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Strings in Python

Strings

 A set of sequence of characters are called as “Strings”. Strings are represented in quotes(‘ ‘).

Creating strings

The strings can be created in the following ways.

>>> s=’Python’

>>> s=”Python”

>>> s=”’Python”’

>>> s=”’Hi!                                           #To extend multiple lines we can declare string within triple quotes

Welcome

To

VMS”’

Strings slicing

In general, slicing refers to partitioning. If you want to refer the sub parts of a string we perform slicing operation on strings. The slice s[start:end] is the items beginning at start and extending up to but not including end. Subsets of strings can be taken by using the slice operator ([ ] and [:] ) with indexes starting at 0 in the beginning of the string and in the case of referring the string in reverse order the index position is -1.

Ex: Let the string be d=”Orange”.

O r a n g e
0 1 2 3 4 5
-6 -5 -4 -3 -2 -1

The above figure represents the word “Orange” with indexes. It starts with index position 0 and in the case of reverse string the index position starts from -1.

>>> d=”Orange”

>>> d

‘Orange’

>>> d[-1]

‘e’

>>> d[-4]

‘a’

>>> d[:-3]

‘Ora’

>>> d[-3:]

‘nge’

>>> d[2]

‘a’

>>> d[0]

‘O’

Some of the basic operations on strings are shown in below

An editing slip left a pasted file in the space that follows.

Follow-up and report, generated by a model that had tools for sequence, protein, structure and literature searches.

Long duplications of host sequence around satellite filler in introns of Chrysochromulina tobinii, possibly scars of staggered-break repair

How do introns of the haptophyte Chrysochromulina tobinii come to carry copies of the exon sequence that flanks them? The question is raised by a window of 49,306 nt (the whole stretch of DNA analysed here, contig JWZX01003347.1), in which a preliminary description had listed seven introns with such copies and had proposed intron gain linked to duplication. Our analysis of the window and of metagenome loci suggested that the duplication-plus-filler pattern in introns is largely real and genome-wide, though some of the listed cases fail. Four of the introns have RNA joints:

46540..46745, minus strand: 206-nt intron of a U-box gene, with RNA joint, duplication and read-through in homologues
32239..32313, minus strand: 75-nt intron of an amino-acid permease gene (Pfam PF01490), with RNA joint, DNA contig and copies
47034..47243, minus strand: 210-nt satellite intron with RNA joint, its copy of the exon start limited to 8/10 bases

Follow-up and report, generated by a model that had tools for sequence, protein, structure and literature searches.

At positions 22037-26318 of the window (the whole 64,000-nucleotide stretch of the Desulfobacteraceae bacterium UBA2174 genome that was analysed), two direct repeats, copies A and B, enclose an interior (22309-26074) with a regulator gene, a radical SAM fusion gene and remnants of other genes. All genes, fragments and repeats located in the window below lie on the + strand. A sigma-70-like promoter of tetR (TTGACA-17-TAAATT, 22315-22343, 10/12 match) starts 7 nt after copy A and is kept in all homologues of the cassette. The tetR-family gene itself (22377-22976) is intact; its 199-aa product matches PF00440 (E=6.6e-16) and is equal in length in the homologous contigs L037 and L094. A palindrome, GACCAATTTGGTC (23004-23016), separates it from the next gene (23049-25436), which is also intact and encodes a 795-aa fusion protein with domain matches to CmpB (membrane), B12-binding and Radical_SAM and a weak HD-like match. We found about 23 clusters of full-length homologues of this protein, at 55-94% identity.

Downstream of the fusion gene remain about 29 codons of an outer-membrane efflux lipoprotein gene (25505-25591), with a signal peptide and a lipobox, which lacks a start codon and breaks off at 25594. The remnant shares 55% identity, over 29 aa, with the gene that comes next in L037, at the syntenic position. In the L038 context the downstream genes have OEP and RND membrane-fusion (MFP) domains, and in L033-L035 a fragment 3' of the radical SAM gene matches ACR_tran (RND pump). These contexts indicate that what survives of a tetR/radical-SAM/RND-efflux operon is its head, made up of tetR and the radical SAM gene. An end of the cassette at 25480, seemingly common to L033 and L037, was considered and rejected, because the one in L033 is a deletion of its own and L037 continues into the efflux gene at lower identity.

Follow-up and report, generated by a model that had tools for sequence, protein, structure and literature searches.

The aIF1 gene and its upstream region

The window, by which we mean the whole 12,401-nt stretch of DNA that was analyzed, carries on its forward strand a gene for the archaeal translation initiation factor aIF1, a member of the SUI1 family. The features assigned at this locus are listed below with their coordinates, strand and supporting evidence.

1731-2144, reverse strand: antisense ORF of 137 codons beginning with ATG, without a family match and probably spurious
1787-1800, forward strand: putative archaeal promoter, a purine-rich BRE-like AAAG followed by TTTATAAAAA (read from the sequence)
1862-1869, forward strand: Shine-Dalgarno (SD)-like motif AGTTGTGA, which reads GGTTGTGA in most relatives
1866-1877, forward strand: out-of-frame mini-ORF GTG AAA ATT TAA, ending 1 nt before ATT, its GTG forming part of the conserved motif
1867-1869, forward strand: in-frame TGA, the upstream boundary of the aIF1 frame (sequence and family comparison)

>>> a=”python”

>>> a

‘python’

>>> st1=”fruits”

>>> st1

‘fruits’

>>> st2=”vegetables”

>>> st2

‘vegetables’

>>> st1=2*st2                                                                   #String repetition

>>> st1

‘vegetablesvegetables’

>>> string=”hello python”

>>> string

‘hello python’

>>> print(string[0])

h

>>> print(string[1:10])

ello pyth

>>> print(string[2:5])

llo

>>> print(string[2:])

llo python

>>> print(string[:2])

he

>>> print(string*2)

hello pythonhello python

>>> print(string+”programming”)                                 #String concatenation

hello pythonprogramming

Updating Strings

 You can update an existing string by reassigning another value to that string.

Ex

>>> str=”Welcome to all”

>>> str

‘hello to all’

>>> print(“Updated string is:”,str[:0]+”hello”,str)

Updated string is:  hello Welcome to all

String methods

Some of the string methods are illustrated in below:

1.capitalize( ): capitalizes first letter of a string.

Ex:

>>> str=”programming world”

>>> str.capitalize( )

‘Programming world’

2. isalnum( ): it checks whether the string consists of alphanumeric characters or not.

Ex:

>>> a=”welcometo2018″

>>> print(a.isalnum( ))

True

>>> b=”this is a string method”

>>> print(b.isalnum( ))

False

3. islower( ): Checks whether all the characters (letters) of the string are lowercase or not.

Ex:

>>> str=”INDIA is Our NatIOnal country”

>>> str.islower( )

False

>>> str1=”india is our national country”

>>> str1.islower( )

True

4.isspace( ):  Checks whether the string consists of white space/blank space.

Ex:

>>> s=””

>>> s.isspace( )

False

>>> s=” ”

>>> s.isspace( )

True

>>> s=”howareyou”

>>> s.isspace( )

False

5. istitle( ): all the first letters turns into uppercase.

Ex:

>>> a=”welcome to python”

>>> a.istitle( )

False

>>> b=”Welcome To Python”

>>> a.istitle( )

False